strName  : String;
          strBegin : String;
          strEnd       : String;
          strLine       : String;
        With Table1 do
          Active := True; { Open Table (= TextFile) }
            First; {Goto first record }
            While not eof do
              strName  := FieldByName('Name').AsString;
              strBegin := FieldByName('DateBegins').AsString;
              strEnd   := FieldByName('DateEnds').AsString;
              strLine  := Format('%-14s %9s %9s',[strNAme,strBegin,strEnd]);
              Next; { Goto next record }
            Active := False; { Close Table (= TextFile) }

Maybe you can try this.
Hope it works.

Best regards,
The M@yor.
hi seabear,

i see your problem
your record has a
packed size of 57 Bytes

in d4 the record will aligned to 60 Bytes

in d5  the record will aligned to 64 Bytes

i guess your records are created with a d4 app, and you will now access the records with d5

maybe a recordstructure like this helps

    THoliday = packed record  //no align
        name : string[40];
        Filler : String[2];   //fill three bytes
        dateBegins : TDateTime;
        dateEnds : TDateTime;

just not tested, but in d5 the record now have also 60 Bytes, maybe the filler is on the wrong place


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Try changing your record structure to this:

    THoliday = packed record
        name : string[40];
        Dummy : array[1..3] of byte// Suck up three bytes
        dateBegins : TDateTime;
        dateEnds : TDateTime;

Its a bit weird really, D5 appears to be padding two bytes after the two date fields, and I can't see way it should!


hi raymond,
same idea ;-)
seabearAuthor Commented:
Thanks wimmeyvaert but I wanted a simple fix to allow me to read and edit exiting files created with D4. Your technique looks interesting though.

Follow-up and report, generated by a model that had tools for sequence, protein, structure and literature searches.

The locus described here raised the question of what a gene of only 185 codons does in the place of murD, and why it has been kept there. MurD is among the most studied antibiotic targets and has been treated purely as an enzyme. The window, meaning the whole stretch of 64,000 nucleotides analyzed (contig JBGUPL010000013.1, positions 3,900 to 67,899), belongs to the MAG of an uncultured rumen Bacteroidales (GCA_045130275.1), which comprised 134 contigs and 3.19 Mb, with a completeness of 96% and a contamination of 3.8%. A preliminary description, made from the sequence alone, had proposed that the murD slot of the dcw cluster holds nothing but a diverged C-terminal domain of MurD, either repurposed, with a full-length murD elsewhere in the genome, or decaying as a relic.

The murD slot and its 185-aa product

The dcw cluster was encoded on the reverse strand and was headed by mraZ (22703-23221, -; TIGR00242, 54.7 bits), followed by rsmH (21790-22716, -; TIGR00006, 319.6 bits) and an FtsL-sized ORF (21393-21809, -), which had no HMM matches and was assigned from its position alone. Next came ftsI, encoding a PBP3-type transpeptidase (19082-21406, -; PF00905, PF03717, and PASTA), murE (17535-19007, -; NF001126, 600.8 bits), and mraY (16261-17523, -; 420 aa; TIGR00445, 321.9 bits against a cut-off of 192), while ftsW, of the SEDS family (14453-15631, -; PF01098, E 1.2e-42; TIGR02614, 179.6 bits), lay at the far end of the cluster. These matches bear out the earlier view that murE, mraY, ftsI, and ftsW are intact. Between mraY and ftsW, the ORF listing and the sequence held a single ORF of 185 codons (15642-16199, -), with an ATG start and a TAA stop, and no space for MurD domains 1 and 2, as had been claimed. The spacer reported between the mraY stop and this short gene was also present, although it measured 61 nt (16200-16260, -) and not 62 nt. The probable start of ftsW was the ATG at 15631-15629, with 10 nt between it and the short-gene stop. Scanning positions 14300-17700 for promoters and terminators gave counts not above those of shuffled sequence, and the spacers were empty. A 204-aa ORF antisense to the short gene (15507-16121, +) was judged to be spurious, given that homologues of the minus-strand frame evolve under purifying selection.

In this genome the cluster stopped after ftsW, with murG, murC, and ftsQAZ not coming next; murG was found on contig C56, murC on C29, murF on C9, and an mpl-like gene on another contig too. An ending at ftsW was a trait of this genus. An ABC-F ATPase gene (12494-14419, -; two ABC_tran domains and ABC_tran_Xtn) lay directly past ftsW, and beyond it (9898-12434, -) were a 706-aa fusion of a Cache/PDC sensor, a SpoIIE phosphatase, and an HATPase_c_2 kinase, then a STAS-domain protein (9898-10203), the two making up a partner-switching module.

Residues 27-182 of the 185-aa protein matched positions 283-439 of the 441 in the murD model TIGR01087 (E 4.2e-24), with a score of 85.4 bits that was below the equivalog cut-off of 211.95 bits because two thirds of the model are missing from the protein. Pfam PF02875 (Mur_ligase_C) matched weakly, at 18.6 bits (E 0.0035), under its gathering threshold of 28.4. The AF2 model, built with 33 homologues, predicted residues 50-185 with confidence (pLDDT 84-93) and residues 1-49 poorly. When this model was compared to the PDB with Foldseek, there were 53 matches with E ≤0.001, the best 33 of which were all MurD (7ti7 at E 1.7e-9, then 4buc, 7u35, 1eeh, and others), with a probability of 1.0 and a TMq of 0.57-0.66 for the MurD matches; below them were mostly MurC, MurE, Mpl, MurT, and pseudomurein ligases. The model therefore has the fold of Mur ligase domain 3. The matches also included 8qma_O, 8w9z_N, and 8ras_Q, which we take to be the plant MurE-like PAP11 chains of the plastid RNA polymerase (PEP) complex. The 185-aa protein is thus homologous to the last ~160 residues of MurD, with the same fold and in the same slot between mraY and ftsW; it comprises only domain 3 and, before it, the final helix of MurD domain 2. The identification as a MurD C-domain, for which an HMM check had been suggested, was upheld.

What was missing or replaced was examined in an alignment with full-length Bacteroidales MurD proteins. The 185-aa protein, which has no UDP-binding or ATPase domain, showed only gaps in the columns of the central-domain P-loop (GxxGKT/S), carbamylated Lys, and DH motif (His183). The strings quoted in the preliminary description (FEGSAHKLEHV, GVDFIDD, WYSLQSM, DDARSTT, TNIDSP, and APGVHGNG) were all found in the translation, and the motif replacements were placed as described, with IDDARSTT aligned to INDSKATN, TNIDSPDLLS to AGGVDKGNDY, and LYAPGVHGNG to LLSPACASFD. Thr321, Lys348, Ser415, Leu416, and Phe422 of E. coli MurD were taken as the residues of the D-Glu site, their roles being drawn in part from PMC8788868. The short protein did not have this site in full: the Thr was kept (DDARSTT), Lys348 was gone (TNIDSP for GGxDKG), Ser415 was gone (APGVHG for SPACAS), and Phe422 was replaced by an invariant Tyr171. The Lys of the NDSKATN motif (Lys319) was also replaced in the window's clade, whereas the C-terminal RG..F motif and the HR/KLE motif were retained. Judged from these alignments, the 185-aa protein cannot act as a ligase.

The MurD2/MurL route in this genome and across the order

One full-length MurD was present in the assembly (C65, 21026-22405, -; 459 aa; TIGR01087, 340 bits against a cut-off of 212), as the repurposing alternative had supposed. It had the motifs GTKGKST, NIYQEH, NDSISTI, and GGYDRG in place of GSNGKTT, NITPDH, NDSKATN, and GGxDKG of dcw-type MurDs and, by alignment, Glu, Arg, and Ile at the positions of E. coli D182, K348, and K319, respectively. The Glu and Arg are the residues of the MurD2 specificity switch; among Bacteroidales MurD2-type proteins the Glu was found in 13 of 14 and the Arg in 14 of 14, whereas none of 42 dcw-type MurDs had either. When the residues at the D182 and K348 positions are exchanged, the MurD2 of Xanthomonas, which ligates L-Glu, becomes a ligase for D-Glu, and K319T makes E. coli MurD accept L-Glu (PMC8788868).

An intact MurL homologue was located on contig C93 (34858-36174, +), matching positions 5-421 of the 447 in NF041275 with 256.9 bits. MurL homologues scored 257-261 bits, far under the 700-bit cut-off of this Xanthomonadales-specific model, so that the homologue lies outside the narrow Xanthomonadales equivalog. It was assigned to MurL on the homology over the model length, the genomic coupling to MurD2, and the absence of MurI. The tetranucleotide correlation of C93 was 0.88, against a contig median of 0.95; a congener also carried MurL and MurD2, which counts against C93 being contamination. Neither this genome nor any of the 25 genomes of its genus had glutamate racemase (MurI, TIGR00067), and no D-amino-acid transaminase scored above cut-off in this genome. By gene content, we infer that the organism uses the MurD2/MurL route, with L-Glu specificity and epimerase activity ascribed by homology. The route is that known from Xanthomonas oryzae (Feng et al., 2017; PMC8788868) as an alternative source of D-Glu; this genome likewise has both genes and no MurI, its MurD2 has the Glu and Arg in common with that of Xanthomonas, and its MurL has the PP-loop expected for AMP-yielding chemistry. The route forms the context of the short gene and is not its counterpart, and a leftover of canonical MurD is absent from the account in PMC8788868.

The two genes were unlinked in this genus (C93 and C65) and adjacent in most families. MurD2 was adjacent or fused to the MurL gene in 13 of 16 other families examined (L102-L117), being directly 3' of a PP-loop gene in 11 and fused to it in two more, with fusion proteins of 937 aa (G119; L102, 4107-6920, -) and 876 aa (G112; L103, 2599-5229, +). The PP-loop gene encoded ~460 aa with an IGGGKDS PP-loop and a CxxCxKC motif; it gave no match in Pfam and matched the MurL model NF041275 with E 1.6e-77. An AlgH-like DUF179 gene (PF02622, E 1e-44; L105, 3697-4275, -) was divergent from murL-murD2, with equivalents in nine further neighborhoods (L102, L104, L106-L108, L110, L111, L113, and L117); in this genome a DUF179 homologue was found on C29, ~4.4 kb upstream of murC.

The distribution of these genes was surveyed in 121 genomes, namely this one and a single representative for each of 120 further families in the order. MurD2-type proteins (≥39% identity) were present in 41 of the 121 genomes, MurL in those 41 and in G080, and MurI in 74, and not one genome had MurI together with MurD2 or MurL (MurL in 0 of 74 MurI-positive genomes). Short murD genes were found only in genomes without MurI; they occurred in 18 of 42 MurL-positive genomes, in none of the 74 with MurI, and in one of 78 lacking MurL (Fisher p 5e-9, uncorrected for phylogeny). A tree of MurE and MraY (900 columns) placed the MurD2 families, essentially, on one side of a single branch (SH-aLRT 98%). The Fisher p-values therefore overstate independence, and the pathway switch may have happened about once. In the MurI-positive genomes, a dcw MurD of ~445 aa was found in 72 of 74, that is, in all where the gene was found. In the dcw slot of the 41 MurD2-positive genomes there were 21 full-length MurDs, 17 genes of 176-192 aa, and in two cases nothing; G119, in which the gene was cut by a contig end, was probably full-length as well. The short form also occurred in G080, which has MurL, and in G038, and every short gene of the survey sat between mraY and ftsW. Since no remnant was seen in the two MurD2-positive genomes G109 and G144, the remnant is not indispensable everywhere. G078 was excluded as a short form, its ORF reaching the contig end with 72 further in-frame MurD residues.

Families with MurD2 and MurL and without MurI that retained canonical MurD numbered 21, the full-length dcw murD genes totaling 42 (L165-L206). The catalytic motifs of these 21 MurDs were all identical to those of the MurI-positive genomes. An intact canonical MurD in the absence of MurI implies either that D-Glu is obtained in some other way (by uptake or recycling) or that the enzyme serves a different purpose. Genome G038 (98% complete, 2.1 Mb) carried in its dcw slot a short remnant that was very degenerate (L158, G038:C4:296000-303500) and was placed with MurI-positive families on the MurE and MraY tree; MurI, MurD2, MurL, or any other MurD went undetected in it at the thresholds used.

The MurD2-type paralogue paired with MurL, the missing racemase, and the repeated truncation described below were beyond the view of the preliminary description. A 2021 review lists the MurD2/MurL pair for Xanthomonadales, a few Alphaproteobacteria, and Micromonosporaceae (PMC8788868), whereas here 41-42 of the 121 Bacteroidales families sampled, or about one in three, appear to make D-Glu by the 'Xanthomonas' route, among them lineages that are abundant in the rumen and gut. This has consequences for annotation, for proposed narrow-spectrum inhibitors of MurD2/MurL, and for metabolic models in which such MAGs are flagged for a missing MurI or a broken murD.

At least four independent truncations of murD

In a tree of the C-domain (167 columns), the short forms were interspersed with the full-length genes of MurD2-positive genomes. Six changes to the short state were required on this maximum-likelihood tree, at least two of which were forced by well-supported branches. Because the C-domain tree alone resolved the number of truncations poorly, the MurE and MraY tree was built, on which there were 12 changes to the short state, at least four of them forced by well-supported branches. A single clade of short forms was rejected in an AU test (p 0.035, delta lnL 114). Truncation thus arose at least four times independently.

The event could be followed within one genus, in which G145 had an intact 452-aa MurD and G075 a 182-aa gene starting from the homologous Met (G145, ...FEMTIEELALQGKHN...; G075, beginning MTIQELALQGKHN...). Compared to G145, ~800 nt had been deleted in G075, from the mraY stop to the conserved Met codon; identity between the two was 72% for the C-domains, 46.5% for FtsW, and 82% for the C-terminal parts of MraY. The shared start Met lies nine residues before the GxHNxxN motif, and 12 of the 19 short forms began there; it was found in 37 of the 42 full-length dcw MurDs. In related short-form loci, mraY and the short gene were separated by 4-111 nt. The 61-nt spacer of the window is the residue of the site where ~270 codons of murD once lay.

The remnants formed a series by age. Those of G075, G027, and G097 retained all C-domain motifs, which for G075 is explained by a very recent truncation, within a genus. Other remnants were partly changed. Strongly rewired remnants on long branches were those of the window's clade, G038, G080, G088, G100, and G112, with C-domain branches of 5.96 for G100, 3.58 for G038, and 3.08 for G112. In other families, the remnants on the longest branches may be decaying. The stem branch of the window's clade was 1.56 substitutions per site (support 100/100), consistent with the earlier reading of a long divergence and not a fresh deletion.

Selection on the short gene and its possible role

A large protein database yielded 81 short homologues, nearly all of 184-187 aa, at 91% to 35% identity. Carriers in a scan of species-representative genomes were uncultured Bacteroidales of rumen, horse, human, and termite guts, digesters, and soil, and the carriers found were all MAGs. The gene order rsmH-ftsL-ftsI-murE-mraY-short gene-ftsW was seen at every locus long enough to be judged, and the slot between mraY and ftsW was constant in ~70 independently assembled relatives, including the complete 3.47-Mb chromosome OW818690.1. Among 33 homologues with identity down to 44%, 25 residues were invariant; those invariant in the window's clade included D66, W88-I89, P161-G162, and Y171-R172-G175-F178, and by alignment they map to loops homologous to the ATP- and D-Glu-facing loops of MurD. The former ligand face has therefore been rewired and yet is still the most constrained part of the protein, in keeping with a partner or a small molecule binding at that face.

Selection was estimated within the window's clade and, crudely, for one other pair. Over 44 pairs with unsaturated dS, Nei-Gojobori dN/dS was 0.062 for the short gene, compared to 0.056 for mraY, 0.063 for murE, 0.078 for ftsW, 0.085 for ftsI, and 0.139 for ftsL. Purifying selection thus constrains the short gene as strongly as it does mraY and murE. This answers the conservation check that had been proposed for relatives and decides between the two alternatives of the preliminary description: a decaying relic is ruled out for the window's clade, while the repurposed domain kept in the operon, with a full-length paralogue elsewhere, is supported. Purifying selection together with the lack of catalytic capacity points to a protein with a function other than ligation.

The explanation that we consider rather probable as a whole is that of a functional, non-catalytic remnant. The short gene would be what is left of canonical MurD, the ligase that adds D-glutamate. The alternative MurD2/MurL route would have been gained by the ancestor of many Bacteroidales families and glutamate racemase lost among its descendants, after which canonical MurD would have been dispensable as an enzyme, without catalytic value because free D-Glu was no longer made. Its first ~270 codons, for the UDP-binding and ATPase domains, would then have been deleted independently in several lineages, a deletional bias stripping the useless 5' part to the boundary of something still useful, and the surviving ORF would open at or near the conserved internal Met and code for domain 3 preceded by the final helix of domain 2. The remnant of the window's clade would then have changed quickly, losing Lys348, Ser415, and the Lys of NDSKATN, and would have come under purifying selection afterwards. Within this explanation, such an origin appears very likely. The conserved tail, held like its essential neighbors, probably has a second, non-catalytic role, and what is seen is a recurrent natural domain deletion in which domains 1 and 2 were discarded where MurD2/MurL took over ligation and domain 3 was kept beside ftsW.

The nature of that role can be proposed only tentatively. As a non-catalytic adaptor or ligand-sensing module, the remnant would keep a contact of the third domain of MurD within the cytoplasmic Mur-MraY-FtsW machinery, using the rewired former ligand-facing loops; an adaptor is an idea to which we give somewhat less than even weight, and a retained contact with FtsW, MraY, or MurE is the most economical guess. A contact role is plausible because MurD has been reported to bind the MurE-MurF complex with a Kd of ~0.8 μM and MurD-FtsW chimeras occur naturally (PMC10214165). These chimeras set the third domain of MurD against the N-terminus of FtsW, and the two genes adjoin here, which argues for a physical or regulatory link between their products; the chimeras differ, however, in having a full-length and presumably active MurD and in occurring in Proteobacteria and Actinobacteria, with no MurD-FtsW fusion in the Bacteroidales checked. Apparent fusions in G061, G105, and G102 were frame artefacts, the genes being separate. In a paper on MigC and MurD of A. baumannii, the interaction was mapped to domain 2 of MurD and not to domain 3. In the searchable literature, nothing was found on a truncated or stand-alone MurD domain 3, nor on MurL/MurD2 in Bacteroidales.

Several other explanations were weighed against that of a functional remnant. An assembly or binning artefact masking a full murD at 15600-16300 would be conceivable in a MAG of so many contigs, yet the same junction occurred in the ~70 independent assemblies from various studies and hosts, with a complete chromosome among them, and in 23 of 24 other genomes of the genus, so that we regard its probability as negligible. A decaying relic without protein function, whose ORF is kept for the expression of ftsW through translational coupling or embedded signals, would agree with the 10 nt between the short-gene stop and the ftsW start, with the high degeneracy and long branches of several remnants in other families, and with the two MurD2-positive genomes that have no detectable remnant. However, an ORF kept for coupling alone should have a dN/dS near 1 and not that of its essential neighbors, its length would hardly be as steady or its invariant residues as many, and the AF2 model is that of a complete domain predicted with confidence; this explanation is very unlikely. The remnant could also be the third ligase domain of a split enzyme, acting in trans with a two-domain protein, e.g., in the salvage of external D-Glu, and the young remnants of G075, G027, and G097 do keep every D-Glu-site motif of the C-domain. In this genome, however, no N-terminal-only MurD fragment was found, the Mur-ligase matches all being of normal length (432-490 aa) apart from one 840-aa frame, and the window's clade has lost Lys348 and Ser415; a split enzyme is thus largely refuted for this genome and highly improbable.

Note to Meikl and Raymond yep you've got it. This works fine

I shall reject the proposed answer then accept Meikl's comment as the answer since he got in first. (By one minute!!!!) Thanks to you both. If one of you has time could you tell me why this works? Why packed in D5 and not D4 and why the extra 3 bytes? Anyway thanks again - Dan
hi dan,

first glad that this solves your problem,

well i try to explain,
in both delphi versions is the packed record-size of your original-recordstructure the same (57 Bytes).

as you coded in d4 you didn't use the keyword packed in the record-definition, therefore the compiler has aligned the recordstructure to 32Bit alignment for better performance by addressing the fields in the structure.

by doing this, the compiler left three bytes 'blank' between your string and the dates. the recordsize becomes 60 Bytes.

why in d5 now, additional 2 bytes are appended by the datefields, i don't know it, its against the alignment-philosophy, except the addressbus will become wider in near future.

well the idea from us both was, in d5 this alignment from d4 to do by hand, by avoiding the alignment with the keyword packed in the record-definition, and inserting 3 bytes after the string.

hope this explaination helps a little

meikl ;-)
seabearAuthor Commented:
Thanks Meikl that clears it up for me - Dan